Last year saw this book appearing in everyone’s top read of the year and it has been compared to The Night Circus, which I thought was ok but not my cup of tea, but The Snow Child was said to be better than The Night Circus. With Claire (Word by Word)‘s opinion whom I trust, I resolved to read this in the wintry days.
The book begins with a melancholic mood. Mabel is contemplating suicide.
“Mabel had known there would be silence. That was the point, after all. No infants cooing or wailing. No neighbour children playfully hollering down the lane.”
Jack and Mabel have staked everything on making a fresh start for themselves in homestead ‘at the world’s edge’ in Alaska. The location is near Wolverine River, the year is 1920. They were driven to this frontier to get away from the grief that happens since Mabel lost her baby many years before.
When the first snow falls, their mood unaccountably changes. In a moment of tenderness, the two built a snow girl and dressed her with a red scarf and blue tunic; and Jack has intricately carved a girl’s face onto the snow girl. The next morning, all traces of the snow girl disappeared and Jack sees a small figure of a young child running through the spruce trees, always with a red fox.
Mabel is convinced that the little girl came alive from the snow girl and for many years after that strive to make that little girl hers. Is she real or is she not?
No matter how she turned it over in her mind, Mabel always traced the child’s footsteps back to the night she and Jack had shaped her from snow. Jack had etched her lips and eyes. Mabel had given her mittens and reddened her lips. That night the child was born to them of ice and snow and longings. – page 210
Mystical and chilling….
Snow has a magical and mystical effect on me and I observe without fail that Alaskan writers, Ivey and including David Vann, have a way of sucking the readers into the vast and chilling wilderness of the Alaskan frontier and made me feel chill in my spine and haunted by their novels. Besides the harsh nature of surviving in this part of the world, this book added a little more of heart to have friendly neighbours like George, Esther and their three sons, Garrett who help Jack and Mabel through the winters until they could cultivate their land again in warmer months.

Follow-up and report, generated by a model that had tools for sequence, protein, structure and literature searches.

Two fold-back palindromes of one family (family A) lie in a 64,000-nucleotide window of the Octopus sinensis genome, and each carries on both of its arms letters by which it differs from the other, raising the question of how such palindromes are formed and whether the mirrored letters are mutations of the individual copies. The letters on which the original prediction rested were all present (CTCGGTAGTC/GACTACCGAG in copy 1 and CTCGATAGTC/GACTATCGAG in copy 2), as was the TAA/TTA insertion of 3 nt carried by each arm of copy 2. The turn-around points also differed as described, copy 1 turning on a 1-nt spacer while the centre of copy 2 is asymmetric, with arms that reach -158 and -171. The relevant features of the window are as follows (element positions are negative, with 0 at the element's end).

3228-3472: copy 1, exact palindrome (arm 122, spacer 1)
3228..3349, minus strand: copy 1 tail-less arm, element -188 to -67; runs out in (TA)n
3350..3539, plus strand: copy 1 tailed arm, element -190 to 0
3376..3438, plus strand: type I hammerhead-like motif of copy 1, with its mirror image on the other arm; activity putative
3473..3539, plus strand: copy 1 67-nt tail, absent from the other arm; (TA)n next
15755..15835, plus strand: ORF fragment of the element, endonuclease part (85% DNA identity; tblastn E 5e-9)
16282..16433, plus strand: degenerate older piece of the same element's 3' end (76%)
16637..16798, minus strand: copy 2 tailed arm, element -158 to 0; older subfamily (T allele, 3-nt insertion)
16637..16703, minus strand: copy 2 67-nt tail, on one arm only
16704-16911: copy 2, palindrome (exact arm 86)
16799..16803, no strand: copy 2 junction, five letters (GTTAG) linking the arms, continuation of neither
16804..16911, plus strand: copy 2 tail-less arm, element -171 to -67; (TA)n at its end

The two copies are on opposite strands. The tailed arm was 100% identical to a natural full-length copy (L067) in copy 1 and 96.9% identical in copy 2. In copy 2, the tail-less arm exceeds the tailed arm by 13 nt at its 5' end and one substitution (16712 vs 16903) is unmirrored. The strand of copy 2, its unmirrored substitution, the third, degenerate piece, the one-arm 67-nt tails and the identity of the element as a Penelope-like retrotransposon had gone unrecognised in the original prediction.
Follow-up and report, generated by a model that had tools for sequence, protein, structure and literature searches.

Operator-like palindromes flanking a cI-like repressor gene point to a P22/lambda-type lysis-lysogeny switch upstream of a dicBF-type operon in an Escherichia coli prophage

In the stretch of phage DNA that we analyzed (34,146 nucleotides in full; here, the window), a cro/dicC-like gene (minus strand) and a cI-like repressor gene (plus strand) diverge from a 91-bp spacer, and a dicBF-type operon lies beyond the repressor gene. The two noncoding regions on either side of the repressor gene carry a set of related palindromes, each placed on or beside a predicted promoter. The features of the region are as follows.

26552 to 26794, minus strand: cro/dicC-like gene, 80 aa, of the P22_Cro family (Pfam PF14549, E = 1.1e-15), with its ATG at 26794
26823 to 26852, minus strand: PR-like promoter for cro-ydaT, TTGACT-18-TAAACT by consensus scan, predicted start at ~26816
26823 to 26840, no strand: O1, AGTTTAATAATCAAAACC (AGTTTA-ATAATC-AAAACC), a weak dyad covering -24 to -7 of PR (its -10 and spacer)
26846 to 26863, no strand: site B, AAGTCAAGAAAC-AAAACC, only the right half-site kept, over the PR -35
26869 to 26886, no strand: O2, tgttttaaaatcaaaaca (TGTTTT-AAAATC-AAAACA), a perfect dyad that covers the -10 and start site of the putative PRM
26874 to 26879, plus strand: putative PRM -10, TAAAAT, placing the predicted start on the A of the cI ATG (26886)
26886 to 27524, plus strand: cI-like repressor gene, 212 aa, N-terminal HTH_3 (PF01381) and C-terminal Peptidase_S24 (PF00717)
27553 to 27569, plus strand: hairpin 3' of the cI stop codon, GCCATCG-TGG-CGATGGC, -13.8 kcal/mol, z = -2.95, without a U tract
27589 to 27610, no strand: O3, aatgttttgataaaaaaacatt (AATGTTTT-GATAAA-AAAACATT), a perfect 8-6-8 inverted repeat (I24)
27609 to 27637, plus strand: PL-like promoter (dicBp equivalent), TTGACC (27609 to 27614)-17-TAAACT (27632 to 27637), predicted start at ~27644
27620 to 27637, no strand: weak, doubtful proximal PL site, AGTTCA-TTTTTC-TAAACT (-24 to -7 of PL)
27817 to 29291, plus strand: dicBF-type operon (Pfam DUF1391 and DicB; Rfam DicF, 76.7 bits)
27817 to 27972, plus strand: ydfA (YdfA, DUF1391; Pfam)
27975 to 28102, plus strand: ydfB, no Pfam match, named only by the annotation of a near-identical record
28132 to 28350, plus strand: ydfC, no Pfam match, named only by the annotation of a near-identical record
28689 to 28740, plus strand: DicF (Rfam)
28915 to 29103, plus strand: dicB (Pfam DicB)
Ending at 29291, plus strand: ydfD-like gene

“You did not have to understand miracles to believe in them and in fact Mabel had come to suspect the opposite. To believe, perhaps you had to cease looking for explanations and instead hold the little thing in your hands as long as you were able before it slipped like water between your fingers.” – Mabel, page 210
The little snow girl has a name. Faina. I thought it was unusual and a beautiful name.
At the beginning of the story, Faina seems like a figment of Jack’s and Mabel’s imagination. As all conversations with all the other characters of the book were in quotation marks (“..”), Jack and Mabel conversations with Faina is without quotation marks, creating an effect of surrealism which makes me wonder if Faina is real or an apparition.
Strangely as the story progresses, things became more grounded, and the dreams and fantasies explained, I became more satisfied with the way things are unfolding. I am not great with fantasies and magical surrealism, so I found myself welcoming new twists of events that confirmed my suspicions.
More than a magical story about a snow girl who seems be made of snow and insists of being out there in the wild, I read it to mean a human spirit that longed to be free and could not be tamed; and trying to tame it would inevitably be futile and lead to pain. Even as happy events happened as the story progresses, the readers knew that the happiness is fleeting.
This haunts me. It haunts me that the institution of our world tends to shackle and extinguish the feeling of being alive and the boundless beauty of what life could potentially offer. While Mabel chose to see having a child as the ultimate determinant of happiness and fulfillment there are others who see it differently. It is dichotomous, yet not contradictory. As the two are different paths that lead to the same aim of seeking meaning in our lives.
I am afraid it is my intention to appear enigmatic in my conclusion about this book, as I do not wish to spoil the novel for you. I start the book with the need to suppress my feeling of disbelief of how far people would go to wallow in their grief yet coming out feeling totally haunted for days about a snow girl that appears in winter and the superstition of crossing her red fox.
We all longed for the unattainable sometimes and when we do attain it and subsequently lost it, it remains as the most memorable and beautiful moment of our lives.
Hardback. Publisher: Headline Review 2012; Length: 423 pages; Setting: Alaska, USA. Source: Reading Battle Library. Finished reading on: 6th January 2013.
About the writer:
Eowyn LeMay Ivey works at an independent bookstore in Palmer, Alaska, where she lives with her husband and two daughters.
The tale draws its inspiration from a Russian fairy tale (which appear as “The Little Daughter of the Snow” at the end of the hardback edition).